Cold hardiness of select apple cider cultivars in Canada

Publication: Canadian Journal of Plant Science
5 November 2021


There is increasing interest in growing European origin apple cultivars for the production of hard cider in Canada; however, little is known about their winter hardiness. Eleven promising cider cultivars were evaluated for cold hardiness over two consecutive winters and compared with the winter tender cultivar ‘Golden Delicious’. Sections of the current season’s dormant shoots were frozen in a series of test temperatures ranging from −20 °C to −40 °C in a programmable freezer. Xylem tissue browning ratings were used to assess injury after thawing. The temperature of incipient damage (TID), the warmest temperature at which 1-yr-old shoot segments begin to show injury, was obtained from tissue browning curves using non-linear regression. TID varied significantly among cultivars and between sampling years. Overall, the cultivars could be classified according to relative winter hardiness as follows: Ashmead’s Kernel, Bramley’s Seedling (very tender) < Calville Blanc d’Hiver, Porter’s Perfection, Bulmer’s Norman (intermediate) < Crimson Crisp, GoldRush, Golden Delicious, Enterprise, Yarlington Mill, Enterprise (hardy) < Golden Russet (hardy). These data indicate nearly a 10 °C range in winter hardiness amongst the 11 cultivars studied, depending on the sampling date. Ashmead’s Kernel and Bramley’s Seedling appear to be particularly winter tender, whereas Bulmer’s Norman, Porter’s Perfection, and Calville Blanc d’Hiver demonstrated less hardiness during three of the four sampling dates. Based upon these findings, it would be prudent to consult long-term climate normals and consider the frequency of extreme weather events for potential susceptibility to winter injury, particularly prior to establishing more injury-prone cultivars.


La culture de pommiers européens pour la production de cidre suscite de plus en plus d’intérêt au Canada. Malheureusement, on en sait peu sur la rusticité de ces variétés. Les auteurs ont évalué la résistance à l’hiver d’onze cultivars à cidre prometteurs pendant deux années consécutives puis l’ont comparée à celle du cultivar Golden Delicious, peu rustique. Les pousses d’un an en dormance ont été partiellement gelées dans un congélateur programmable, à une température de –20 °C à –40 °C. Les auteurs se sont servis du brunissement du xylème pour évaluer les dommages au dégel, ce qui leur a permis d’établir la température des dommages initiaux (TDI), c’est-à-dire la température à laquelle les rameaux d’un an commencent à présenter des dommages dus au gel, à partir de la courbe de brunissement des tissus obtenue par régression non linéaire. La TDI varie sensiblement d’un cultivar et d’une année à l’autre. Dans l’ensemble, on peut classer les cultivars comme suit, selon leur rusticité : Ashmead’s Kernel, Bramley’s Seedlings (très sensibles) < Calville Blanc d’Hiver, Porter’s Perfection, Bulmer’s Norman (intermédiaires) < Crimson Crisp, GoldRush, Golden Delicious, Enterprise, Yarlington Mill, Enterprise (rustiques) < Golden Russet (rustique). D’après ces données, la rusticité des onze cultivars examinés varie sur une plage de près de 10 °C, selon la date de l’échantillonnage. Ashmead’s Kernel et Bramley’s Seedling semblent particulièrement sensibles aux conditions hivernales, tandis que Bulmer's Norman, Porter's Perfection et Calville Blanc d'Hiver ont révélé une rusticité moins prononcée à trois des quatre dates d’échantillonnage. En raison de ces observations, la prudence commande qu’on consulte les normales climatiques à long terme et tienne compte de la fréquence des épisodes de froid extrême pour déterminer la sensibilité éventuelle des variétés plus fragiles aux dommages hivernaux avant d’en entreprendre la culture. [Traduit par la Rédaction]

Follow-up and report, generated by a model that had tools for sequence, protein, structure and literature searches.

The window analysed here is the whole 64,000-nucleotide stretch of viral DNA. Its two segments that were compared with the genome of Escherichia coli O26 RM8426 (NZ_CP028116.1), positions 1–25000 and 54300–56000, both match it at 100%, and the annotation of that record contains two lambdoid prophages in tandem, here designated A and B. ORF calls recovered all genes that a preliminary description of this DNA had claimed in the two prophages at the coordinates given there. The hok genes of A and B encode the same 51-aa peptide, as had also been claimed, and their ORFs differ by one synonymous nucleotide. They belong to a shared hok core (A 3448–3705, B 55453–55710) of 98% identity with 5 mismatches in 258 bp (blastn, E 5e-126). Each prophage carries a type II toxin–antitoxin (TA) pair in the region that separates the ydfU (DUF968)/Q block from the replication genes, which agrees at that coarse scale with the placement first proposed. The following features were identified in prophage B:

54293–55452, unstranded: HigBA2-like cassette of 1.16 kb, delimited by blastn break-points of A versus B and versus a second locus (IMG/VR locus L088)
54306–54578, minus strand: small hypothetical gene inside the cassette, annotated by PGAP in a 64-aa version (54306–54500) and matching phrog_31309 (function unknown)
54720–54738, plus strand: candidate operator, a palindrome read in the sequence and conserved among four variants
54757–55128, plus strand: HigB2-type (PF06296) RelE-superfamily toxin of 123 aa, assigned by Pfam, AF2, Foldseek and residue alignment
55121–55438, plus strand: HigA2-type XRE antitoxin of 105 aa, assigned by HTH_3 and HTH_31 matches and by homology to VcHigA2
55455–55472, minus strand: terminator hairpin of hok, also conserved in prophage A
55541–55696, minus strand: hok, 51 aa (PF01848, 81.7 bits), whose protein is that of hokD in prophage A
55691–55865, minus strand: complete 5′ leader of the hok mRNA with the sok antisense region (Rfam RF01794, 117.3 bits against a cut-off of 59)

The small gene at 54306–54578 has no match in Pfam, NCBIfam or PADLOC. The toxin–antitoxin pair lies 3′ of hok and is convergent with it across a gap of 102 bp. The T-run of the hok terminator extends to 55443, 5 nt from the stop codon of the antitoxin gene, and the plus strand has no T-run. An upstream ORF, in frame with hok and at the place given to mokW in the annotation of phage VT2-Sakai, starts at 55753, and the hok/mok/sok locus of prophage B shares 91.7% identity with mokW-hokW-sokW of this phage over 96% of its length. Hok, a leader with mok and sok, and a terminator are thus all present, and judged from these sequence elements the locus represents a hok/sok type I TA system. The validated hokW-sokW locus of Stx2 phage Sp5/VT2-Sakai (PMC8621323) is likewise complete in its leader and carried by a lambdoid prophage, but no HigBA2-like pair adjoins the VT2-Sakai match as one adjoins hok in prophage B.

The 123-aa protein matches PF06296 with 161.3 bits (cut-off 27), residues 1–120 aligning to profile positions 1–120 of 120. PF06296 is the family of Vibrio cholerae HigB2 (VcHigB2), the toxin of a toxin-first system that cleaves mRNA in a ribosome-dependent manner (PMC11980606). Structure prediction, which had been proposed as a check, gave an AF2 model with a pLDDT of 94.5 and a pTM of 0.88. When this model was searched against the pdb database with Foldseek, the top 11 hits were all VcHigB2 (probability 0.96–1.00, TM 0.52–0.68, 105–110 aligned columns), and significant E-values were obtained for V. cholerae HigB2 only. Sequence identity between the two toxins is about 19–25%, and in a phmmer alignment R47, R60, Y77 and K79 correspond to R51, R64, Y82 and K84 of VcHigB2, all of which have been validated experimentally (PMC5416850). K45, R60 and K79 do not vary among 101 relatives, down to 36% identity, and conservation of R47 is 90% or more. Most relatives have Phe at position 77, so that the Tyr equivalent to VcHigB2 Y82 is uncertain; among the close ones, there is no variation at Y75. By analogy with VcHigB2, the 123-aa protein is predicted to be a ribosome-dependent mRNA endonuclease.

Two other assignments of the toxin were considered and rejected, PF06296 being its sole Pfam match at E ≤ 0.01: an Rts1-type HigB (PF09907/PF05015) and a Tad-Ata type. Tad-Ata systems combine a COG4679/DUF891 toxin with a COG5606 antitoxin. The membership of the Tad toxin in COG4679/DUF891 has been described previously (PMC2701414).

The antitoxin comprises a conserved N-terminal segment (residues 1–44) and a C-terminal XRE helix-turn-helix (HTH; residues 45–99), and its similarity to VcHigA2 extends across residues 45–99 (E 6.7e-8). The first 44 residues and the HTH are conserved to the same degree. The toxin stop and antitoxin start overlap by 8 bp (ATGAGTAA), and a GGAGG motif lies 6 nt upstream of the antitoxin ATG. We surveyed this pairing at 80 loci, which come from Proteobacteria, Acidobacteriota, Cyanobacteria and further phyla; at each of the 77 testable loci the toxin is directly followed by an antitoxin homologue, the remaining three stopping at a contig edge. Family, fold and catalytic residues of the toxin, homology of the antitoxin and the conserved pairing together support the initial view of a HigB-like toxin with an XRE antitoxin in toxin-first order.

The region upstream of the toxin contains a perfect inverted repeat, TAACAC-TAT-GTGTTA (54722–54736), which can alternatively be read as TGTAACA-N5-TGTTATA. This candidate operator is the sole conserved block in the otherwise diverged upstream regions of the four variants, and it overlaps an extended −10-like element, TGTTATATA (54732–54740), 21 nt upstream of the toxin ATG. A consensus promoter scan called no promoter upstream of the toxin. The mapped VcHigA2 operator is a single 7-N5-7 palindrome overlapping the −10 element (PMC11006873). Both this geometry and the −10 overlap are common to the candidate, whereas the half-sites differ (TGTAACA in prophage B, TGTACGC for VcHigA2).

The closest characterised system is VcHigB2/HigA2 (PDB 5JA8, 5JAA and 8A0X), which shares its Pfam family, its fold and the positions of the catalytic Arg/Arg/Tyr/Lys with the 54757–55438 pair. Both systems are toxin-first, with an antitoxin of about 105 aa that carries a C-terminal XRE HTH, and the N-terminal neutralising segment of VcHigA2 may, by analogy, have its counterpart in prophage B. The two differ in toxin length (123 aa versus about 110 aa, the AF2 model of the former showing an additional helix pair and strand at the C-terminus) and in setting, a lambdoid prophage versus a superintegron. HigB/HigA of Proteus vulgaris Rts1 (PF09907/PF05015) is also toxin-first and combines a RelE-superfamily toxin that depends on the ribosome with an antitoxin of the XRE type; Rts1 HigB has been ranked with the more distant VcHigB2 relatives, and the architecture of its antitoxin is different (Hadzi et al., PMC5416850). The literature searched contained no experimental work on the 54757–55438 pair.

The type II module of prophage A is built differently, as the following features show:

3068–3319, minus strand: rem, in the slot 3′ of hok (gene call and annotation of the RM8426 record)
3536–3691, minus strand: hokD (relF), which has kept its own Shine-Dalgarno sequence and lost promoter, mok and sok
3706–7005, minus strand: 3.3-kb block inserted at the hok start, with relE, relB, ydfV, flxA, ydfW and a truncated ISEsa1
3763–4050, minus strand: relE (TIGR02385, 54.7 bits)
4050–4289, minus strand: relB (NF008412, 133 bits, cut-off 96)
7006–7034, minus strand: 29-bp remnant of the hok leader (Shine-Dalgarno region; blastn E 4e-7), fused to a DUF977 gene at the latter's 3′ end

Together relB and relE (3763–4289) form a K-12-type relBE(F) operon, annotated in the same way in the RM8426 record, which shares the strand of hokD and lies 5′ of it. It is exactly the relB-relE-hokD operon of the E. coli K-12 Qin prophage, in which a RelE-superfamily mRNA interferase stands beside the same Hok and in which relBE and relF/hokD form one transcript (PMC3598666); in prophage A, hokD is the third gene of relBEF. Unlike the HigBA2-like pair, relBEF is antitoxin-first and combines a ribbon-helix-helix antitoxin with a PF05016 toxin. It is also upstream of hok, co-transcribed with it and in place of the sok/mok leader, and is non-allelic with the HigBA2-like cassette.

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Information & Authors


Published In

cover image Canadian Journal of Plant Science
Canadian Journal of Plant Science
Volume 102Number 2April 2022
Pages: 394 - 404
Editor: Brian Beres


Received: 16 July 2021
Accepted: 25 September 2021
Published online: 5 November 2021


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Key Words

  1. hard cider
  2. European cider cultivars
  3. winter injury
  4. acclimation
  5. de-acclimation


  1. cidre
  2. cultivars à cidre européens
  3. destruction par l’hiver
  4. acclimatation
  5. perte de la tolérance au froid



John A. Cline*
Ontario Agriculture College, Department of Plant Agriculture, University of Guelph, 1283 Blueline Road, Simcoe, ON N3Y 4N5, Canada.
Amanda Beneff
Ontario Agriculture College, Department of Plant Agriculture, University of Guelph, 1283 Blueline Road, Simcoe, ON N3Y 4N5, Canada.
A. Michelle Edwards
Ontario Agriculture College, University of Guelph, 50 Stone Road East, Guelph, ON N1G 2W1, Canada.


J.A. Cline served as an Associate Editor at the time of manuscript review and acceptance; peer review and editorial decisions regarding this manuscript were handled by A.W. McKeown.

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